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To remember is to break the silence: Geraldine Mitchell on Mute/Unmute

The poet’s new collection speaks up about dementia, death and societal amnesia

Geraldsine Mitchell: Remembering is an act of refusal, it blocks silence’s attempt to obliterate the past. Forgetting is the biggest ally silence has.

I have thought a lot about silence. About when we speak up and when we keep schtum. About the shame of not raising our voices. About the annoyance with those who do little else. About the “mind you I said nothings”, the winks, the nods. About inertia, accidie as default setting. About mutism and the efficacy, or not, of an unmute button. About silence.

Twenty years ago, my husband and I moved from an apartment in Dublin’s inner suburbs to a house in the west on a road off a road that ends in the sea, possibly the most dramatic cul de sac in Ireland. We replaced the swish of rainy rush-hour traffic, the wailing brakes of the 15B, for the bliss of a textured absence of din.

Not silence yet, but morning sounds were now no longer noise: wind-buffets in the chimney, surf pounding the shore after a big storm with the uninterrupted drone of a distant motorway. Our pleasure in the knowledge that it came from the sea, not cars. In truth it was more peace than quiet we had found. We made plenty of noise of our own and when my husband wasn’t writing, he was seeing to the classical music education of neighbouring sheep.

Eight years on and a new silence began to fill the house. My husband progressively, almost imperceptibly, slid into memory loss or, to use the word I found intolerable at the time, dementia. When you live with someone who does not speak, can no longer utter, the silence is loud, it blows up like a vast balloon, it fills the house and presses against you, ringing in your ears until you reach for the remote to put something, anything, on TV, for company.

After my husband’s death in 2015 came a new silence, the silence of absence. Yet another texture, a white wall this time, a wall of fog. No walls at all. True silence had finally arrived. And with it, more time than I wanted, needed or had bargained for – as if this could ever be worth haggling over – time to take silence by the scruff at last and have a closer look. Inevitably it fed into my writing.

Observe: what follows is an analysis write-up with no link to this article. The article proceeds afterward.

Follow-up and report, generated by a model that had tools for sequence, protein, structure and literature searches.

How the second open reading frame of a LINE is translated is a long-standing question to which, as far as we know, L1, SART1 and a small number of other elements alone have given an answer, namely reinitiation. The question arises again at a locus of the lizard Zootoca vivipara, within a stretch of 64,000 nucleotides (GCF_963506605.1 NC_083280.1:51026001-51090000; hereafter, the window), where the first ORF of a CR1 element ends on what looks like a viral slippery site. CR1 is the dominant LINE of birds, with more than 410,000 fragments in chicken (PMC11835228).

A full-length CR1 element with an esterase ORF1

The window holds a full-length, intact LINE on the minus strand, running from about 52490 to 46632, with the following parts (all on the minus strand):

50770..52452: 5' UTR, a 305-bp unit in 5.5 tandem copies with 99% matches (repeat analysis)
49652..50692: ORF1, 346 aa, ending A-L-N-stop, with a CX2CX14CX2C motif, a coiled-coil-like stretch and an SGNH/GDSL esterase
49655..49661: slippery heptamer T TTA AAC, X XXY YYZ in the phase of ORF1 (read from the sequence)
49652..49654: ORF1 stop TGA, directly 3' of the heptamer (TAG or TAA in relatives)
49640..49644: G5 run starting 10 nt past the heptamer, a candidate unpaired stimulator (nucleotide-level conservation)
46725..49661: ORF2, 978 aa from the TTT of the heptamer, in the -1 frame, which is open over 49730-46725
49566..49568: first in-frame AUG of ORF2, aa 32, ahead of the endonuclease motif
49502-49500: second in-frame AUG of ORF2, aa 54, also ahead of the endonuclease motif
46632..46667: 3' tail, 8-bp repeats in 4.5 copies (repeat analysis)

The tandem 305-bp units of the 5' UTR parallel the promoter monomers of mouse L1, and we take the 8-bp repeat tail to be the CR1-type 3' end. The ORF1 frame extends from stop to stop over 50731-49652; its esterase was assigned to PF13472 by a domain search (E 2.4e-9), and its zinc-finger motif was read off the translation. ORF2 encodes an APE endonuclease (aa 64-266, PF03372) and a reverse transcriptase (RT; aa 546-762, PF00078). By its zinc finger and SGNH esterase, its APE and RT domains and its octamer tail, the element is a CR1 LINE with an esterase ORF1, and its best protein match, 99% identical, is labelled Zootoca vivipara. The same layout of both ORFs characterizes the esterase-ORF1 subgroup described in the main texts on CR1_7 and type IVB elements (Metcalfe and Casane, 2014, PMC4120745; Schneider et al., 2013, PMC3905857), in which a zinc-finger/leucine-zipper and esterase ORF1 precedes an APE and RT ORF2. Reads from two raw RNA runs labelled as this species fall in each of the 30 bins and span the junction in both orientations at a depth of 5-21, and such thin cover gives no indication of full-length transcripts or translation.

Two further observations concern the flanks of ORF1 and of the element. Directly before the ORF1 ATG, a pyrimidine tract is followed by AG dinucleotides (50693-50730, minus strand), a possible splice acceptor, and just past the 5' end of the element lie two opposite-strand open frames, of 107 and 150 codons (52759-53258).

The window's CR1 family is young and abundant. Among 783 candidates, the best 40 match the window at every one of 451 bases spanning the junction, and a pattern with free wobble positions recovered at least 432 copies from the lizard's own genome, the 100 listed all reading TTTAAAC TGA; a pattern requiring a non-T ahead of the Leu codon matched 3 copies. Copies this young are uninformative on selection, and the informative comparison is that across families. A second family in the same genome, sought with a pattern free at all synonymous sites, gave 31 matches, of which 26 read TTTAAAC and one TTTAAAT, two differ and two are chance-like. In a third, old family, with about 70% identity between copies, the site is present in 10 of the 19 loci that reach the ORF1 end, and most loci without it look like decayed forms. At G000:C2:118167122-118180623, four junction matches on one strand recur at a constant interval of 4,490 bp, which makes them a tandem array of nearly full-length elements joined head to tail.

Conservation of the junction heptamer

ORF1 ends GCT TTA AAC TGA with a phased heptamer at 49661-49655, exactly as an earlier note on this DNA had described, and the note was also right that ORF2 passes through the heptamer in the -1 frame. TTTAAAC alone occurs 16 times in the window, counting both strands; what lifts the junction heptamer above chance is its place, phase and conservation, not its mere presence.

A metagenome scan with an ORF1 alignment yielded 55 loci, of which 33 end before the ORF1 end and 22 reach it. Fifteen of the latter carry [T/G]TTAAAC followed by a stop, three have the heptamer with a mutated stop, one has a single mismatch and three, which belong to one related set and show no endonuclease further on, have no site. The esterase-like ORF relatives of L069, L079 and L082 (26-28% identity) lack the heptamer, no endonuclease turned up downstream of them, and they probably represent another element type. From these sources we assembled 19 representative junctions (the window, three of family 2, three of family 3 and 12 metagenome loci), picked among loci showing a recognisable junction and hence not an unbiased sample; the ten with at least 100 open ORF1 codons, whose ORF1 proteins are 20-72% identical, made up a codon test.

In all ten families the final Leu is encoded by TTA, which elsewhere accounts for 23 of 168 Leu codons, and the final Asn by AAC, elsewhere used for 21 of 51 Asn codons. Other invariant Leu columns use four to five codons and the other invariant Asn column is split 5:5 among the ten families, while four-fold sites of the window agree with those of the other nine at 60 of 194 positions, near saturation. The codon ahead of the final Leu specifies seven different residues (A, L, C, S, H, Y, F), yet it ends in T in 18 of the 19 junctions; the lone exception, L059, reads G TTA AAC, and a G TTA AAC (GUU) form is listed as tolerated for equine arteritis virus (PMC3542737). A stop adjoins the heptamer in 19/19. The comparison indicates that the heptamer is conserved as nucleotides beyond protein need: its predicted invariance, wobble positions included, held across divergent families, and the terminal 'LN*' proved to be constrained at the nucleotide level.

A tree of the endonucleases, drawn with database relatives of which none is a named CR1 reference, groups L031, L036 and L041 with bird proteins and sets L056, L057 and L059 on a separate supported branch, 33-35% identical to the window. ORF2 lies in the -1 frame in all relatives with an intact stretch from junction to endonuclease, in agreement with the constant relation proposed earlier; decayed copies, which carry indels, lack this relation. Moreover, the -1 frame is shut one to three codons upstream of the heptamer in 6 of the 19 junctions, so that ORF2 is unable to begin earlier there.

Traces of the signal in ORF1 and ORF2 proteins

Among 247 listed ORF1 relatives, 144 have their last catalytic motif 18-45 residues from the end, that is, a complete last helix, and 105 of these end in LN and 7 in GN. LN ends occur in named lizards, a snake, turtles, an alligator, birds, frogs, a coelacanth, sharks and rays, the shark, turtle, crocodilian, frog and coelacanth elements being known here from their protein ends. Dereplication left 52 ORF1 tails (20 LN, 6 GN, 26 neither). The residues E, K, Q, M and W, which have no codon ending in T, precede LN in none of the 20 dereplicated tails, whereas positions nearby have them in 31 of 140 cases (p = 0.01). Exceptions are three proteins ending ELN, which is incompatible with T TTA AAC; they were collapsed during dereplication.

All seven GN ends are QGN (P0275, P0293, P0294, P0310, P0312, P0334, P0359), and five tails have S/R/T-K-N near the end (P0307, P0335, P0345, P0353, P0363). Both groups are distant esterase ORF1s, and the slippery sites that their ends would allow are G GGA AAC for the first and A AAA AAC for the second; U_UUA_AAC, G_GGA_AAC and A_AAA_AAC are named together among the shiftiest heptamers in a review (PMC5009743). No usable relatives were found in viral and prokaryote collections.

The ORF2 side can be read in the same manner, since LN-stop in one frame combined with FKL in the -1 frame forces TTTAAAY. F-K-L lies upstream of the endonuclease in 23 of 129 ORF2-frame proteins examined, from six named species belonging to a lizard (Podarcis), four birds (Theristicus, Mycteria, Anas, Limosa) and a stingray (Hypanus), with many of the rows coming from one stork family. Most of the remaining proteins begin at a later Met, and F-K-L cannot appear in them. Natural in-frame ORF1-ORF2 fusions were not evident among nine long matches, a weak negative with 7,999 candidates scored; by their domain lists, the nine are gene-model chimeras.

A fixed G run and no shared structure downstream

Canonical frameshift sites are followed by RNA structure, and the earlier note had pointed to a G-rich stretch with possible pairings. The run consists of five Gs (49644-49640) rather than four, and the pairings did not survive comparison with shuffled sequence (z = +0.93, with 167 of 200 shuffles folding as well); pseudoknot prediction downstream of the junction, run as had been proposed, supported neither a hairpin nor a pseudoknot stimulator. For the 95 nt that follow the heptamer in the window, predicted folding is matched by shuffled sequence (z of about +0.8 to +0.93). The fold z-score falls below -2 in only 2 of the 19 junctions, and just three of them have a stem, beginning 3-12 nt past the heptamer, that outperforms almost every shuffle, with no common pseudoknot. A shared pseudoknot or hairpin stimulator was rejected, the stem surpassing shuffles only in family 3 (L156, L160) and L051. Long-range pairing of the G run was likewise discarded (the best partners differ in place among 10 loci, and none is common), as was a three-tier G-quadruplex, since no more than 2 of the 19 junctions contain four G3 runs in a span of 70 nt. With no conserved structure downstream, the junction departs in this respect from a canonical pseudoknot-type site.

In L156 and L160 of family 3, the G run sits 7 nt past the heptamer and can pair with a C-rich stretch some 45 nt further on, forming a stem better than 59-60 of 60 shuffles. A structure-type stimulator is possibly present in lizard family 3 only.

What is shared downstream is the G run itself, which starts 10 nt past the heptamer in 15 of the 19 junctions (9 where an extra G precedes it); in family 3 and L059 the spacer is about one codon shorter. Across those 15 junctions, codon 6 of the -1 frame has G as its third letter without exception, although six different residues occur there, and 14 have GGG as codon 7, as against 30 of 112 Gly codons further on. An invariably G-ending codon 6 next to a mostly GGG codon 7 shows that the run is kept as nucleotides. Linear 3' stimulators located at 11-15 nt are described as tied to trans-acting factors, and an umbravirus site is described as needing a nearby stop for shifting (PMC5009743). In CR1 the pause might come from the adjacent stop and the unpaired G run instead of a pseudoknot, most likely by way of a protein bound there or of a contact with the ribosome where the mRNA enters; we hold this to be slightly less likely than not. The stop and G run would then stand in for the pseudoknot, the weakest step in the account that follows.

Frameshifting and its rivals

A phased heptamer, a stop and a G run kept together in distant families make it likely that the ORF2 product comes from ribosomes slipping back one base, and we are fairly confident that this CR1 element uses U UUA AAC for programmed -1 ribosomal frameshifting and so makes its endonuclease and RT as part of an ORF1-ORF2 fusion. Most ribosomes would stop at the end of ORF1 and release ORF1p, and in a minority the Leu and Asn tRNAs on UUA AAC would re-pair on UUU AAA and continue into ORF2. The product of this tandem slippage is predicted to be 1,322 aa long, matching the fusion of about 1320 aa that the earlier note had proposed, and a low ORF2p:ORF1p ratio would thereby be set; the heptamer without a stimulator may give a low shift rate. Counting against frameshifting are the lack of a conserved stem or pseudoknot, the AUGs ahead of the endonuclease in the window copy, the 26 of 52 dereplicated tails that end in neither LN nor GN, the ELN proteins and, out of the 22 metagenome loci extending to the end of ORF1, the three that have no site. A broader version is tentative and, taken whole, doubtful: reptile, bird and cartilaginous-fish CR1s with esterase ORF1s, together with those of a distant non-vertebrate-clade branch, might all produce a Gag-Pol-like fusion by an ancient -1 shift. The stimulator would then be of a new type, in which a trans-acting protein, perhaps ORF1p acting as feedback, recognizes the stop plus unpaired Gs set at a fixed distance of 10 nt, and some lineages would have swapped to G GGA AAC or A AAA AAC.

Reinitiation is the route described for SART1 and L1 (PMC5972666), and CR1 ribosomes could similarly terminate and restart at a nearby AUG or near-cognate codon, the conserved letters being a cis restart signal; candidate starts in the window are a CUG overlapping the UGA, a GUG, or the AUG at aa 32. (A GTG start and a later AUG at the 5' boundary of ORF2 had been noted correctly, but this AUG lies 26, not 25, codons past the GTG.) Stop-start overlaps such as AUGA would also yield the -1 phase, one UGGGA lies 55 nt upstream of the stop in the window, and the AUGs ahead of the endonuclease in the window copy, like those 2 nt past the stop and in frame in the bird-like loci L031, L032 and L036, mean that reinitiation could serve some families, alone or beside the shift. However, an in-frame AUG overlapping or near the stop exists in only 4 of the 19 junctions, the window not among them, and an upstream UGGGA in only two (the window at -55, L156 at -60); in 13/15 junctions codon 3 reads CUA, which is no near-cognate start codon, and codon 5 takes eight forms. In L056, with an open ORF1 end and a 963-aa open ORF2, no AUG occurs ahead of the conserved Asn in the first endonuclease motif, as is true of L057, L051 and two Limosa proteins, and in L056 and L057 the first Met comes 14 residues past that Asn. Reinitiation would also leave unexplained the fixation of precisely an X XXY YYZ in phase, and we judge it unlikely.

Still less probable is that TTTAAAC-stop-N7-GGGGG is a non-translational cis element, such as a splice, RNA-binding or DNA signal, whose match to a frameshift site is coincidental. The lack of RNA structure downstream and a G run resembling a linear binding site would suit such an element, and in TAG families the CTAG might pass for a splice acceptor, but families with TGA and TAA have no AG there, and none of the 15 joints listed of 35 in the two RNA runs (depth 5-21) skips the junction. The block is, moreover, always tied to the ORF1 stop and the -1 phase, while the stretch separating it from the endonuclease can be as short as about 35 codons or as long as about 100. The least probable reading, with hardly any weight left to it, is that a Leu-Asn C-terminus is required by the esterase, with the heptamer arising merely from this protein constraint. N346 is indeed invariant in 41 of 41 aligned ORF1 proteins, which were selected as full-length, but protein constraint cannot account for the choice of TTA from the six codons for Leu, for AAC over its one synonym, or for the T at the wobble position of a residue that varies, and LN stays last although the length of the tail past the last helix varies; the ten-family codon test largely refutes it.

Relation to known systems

***

To remember is to break the silence. That was my first conclusion. Remembering is an act of refusal, it blocks silence’s attempt to obliterate the past. Forgetting is the biggest ally silence has. Memory loss, dementia, call it what you will, descends in a cloud of erasure, the individual loses single words, then phrases, until every tool that serves to recover the past has been stolen. Silence and oblivion hand in hand in a danse macabre.

Then there’s societal amnesia, often beginning in wilful denial, a defence mechanism against too much guilt, the memory of pain. Painful memories. Paradoxically, it is through the silent act of writing that we can recover memory. To set down words in ink or in pencil, to stamp them into leather, captures thought and speech and anchors them. Like inscriptions chiselled on a grave marker, they are there now, set in stone.

My great-aunt Geraldine had been forgotten. Her disappearance was far more complete than I had realised when I first began to work on the sequence of poems that would become Such Silence She Fell Into, the central section of my new collection Mute/Unmute.

Not only had no one in the family known why I was called Geraldine, they had been unaware of the very existence of our grandmother’s younger sister, Geraldine Kirby. I knew about her only because another aunt, now deceased, took it upon herself to let me, and only me, it seems, know the tragic background to my given name. She understood the importance of breaking the silence around my great-aunt Geraldine, of bringing her back into memory.

With Such Silence She Fell Into I continue the rescue mission. My poem sequence does not pretend to be biographical. I had too few facts to go on. Yet those few I had were both full of mystery and immensely sad. In conjuring Geraldine Kirby’s life through poetry, I came across yet another silence: the great silence of loneliness, of her lonely life and even lonelier death.

My hope is that by committing this sequence of poems to print and placing it at the warm heart of a body of poems examining differently further aspects of silence and forgetting, I will have delivered my namesake from the silence of the unremembered.
Mute/Unmute is Geraldine Mitchell’s fourth collection of poems and is published by Arlen House.

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